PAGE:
If it is not possible to receive a passport from your country of citizenship, you may need to apply for a non-citizen travel document from the country you reside in. Contact a passport office for more information.
You may wish to renew your passport even if it will be valid on the date of your departure. Many expats return or visit their home country eventually, and it is usually easiest to renew your passport from within the country that issued it.
Acquire a visa if necessary. Almost every country requires long-term visitors (and often short-term visitors as well) to apply and pay for a visa, or authorization document. The process involves varies greatly depending on your destination, your country of citizenship, and your purpose for traveling. Research which visa application fits your requirements best online, or contact the nearest embassy of the country you are traveling to. If your application for a long-term visa is rejected, consider applying for a shorter-term visa instead. Once you are in the country, you may be able to find a job and apply for a work visa.
Research the relevant visa regulations carefully to discover all your options. Some countries may allow you to stay indefinitely as long as you briefly exit the country every once in a while and pay for a new visitor’s visa.
Research health concerns, and vaccinate if necessary. Research disease and health concerns at your destination. Serious health concerns can be avoided or mitigated by safety practices, often as simple as boiling water before drinking it. Protect yourself from other diseases found at your destination by getting vaccinated before your departure. If you don’t have health insurance, look for walk-in clinics in your area that provide vaccination services.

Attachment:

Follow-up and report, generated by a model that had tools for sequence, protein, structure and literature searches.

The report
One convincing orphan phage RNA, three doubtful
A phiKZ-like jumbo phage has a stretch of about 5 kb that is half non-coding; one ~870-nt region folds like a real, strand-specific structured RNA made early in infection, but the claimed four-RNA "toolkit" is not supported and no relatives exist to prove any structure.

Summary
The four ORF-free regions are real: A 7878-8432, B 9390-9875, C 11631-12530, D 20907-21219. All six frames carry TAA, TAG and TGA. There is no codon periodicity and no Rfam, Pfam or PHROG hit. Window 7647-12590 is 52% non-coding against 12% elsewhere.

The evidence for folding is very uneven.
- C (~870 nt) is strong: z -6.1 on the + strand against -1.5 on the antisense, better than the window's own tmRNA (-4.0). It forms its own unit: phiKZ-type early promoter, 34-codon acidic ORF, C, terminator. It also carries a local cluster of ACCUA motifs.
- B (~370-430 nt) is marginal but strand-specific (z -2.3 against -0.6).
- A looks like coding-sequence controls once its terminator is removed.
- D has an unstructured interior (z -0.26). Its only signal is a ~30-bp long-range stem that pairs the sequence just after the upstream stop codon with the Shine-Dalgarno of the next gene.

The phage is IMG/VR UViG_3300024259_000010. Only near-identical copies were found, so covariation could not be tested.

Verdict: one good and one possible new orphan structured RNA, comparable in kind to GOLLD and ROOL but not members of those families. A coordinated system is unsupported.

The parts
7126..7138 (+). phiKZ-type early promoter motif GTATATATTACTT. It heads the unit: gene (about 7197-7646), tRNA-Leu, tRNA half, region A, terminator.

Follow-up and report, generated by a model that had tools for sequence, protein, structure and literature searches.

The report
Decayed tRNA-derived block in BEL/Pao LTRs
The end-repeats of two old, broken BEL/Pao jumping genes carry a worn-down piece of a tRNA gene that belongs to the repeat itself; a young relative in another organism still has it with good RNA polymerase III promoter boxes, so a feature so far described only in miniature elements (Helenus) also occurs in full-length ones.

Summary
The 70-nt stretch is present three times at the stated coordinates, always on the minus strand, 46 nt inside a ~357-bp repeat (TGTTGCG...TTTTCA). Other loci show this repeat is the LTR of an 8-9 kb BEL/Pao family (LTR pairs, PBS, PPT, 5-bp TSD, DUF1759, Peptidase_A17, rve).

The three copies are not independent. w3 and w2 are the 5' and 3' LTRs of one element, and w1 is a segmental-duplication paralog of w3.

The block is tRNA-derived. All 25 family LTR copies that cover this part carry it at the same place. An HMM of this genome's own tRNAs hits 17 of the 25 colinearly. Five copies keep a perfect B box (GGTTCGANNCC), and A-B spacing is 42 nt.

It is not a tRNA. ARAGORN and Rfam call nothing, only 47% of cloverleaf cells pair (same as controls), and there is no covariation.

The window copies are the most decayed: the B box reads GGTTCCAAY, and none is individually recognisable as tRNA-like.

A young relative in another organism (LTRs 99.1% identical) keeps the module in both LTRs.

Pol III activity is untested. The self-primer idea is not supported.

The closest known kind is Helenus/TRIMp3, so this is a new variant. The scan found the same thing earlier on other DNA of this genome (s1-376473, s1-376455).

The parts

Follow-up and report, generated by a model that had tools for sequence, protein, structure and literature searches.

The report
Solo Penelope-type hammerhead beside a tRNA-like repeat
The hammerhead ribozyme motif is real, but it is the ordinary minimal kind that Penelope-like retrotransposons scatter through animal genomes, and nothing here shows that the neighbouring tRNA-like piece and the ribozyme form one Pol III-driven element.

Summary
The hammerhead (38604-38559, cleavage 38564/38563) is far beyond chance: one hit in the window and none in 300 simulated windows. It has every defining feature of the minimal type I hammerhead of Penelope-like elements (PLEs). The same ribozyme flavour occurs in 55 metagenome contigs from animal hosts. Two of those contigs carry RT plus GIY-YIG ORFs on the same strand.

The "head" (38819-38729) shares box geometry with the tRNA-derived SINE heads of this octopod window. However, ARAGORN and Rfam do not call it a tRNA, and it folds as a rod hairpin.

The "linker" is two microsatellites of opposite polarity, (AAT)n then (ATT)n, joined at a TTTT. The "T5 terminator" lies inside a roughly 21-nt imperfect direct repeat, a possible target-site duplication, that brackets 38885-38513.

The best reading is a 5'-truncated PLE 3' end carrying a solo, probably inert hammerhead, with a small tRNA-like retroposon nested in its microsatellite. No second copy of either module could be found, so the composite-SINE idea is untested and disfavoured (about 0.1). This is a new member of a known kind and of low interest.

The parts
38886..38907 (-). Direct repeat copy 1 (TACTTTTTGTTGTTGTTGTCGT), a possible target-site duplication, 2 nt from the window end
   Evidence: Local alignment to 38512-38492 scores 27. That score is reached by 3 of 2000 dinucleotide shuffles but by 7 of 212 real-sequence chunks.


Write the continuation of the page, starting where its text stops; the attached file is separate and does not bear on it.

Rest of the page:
Understand tax laws. If you plan to earn money while living overseas, understand how you will be taxed by your country of citizenship and/or your country of residency. You may wish to consult a tax preparer or lawyer for advice, or ask your new employers whether they provide tax assistance for foreign employees.
If you are a citizen of the United States, you could be fined for failing to report a foreign bank account containing $10,000 or more. You must also file tax forms, although you may be able to use this form on the irs website to declare your income un-taxable.
Seek out additional advice on logistics. If you know someone in your destination country, or if you can find traveler’s advice forums online, have a long conversation about life there and how to prepare for it. If you can’t find anyone to talk to in person, research your destination thoroughly from up to date online and printed sources (preferably published no more than five years ago). It is impossible to cover every situation worldwide, but here are a few things to consider before you travel:
How easy is it to get around by public transportation, versus by car? If renting or buying a car is a good idea, will your current driver’s license be valid in that country, or will you need to take a test?
Does your bank have branches in your destination country, or a “sister bank” you can access your account from? If you decide to open a new bank account overseas, what documents will you need to do so?